"I have to figure out whether to raise my $150 price target for
," Jim Cramer said on TheStreet.com TV's Wall St. Confidential
Web video Thursday.
Apple's numbers, he said, were "very compelling." What Cramer said he found most compelling was that the guidance was a total sandbag.
"It has been for six straight quarters," he said. "They say they're going to do 60% of what they ultimately do. Apple's going higher; there's no doubt in my mind."
Cramer said that when he started
11 years ago, it was predicated on a couple of ideas.
"One is that I was going to be true to what I did at my hedge fund," he said. "In other words, I was not going to have two styles. I was not going to say you should buy and hold, but I don't buy and hold. What I was going to say is that I like to buy weakness," Cramer continued.
When Apple reached $143 last week, Cramer advised people to take something off the table and trade around the core position. And then, when the stock dropped yesterday, Cramer said he told people to start rebuilding their positions for what they had sold. But he didn't want to be more aggressive about it because he didn't want people to put more capital at risk than they already had, he said.
Cramer said he sees Piper Jaffray and Deutsche Bank with a $200 price target for Apple. However, while he does believe Apple will continue to go up and will go through $150, "it is now above my range of what I'm comfortable with, even as I predict that the earnings grow," he said.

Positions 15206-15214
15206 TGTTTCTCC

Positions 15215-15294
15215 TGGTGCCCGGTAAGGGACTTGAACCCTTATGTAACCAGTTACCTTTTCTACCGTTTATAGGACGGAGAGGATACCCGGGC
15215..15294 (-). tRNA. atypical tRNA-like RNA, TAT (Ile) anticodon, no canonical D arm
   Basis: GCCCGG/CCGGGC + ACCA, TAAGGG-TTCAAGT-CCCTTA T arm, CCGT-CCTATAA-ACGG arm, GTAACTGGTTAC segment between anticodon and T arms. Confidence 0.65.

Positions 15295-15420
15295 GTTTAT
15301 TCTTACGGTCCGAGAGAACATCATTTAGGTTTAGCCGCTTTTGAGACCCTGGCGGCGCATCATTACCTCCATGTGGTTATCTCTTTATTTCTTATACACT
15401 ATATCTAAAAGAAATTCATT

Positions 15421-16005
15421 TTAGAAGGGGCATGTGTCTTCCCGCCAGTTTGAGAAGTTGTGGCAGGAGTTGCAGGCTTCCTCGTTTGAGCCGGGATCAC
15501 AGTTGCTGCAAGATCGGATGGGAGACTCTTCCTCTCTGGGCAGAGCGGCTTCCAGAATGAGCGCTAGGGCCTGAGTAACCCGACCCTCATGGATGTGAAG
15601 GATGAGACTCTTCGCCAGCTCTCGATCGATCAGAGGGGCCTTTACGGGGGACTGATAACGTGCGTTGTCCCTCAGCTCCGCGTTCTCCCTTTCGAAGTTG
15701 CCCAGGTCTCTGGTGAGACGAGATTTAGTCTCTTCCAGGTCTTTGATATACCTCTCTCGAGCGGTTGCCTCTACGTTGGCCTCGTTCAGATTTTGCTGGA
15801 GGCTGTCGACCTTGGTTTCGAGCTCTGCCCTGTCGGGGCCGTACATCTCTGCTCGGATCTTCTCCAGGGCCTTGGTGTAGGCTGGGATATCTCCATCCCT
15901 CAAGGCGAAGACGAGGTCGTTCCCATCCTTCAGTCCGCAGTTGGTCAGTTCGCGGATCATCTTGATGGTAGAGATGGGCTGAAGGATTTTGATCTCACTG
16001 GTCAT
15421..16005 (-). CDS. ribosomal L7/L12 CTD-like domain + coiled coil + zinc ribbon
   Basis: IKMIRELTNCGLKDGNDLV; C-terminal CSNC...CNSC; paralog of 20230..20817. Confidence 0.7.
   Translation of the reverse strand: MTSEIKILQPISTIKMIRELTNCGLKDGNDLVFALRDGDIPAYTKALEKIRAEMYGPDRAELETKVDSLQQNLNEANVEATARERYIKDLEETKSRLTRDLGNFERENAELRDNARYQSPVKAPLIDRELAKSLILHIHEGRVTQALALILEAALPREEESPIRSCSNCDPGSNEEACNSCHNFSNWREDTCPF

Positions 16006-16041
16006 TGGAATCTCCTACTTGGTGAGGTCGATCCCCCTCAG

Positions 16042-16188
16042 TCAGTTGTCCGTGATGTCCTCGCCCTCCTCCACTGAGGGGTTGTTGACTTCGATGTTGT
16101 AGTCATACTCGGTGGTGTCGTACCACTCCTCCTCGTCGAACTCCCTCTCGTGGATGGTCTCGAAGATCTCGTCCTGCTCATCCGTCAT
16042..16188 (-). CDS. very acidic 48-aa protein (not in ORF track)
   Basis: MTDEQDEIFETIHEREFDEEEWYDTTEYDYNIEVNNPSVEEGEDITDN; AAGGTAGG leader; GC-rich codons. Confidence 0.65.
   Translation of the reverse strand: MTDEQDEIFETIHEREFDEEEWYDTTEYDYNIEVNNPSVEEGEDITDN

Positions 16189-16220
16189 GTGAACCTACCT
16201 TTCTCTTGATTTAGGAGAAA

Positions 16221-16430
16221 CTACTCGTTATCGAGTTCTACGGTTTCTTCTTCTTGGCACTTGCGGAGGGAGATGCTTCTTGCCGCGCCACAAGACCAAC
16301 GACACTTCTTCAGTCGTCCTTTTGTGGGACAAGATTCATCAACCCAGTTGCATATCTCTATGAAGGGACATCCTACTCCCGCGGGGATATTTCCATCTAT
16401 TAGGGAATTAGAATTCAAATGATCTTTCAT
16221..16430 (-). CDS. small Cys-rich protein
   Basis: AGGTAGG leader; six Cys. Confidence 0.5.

"I never like to recommend stocks that are selling at more than twice their growth rate," Cramer explained. "Apple, at $200, is well beyond twice its growth rate.
"It's very important for people to recognize that there are prices that are too high to pay and there are prices where you have to sell," he went on. "And $200 is a price I would have to sell. I am struggling with the idea of $165 as a possible price target."
Jim Cramer is a director and co-founder of TheStreet.com. He contributes daily market commentary for TheStreet.com's sites and serves as an adviser to the company's CEO. Outside contributing columnists for TheStreet.com and RealMoney.com, including Cramer, may, from time to time, write about stocks in which they have a position. In such cases, appropriate disclosure is made. To see his personal portfolio and find out what trades Cramer will make before he makes them, sign up for
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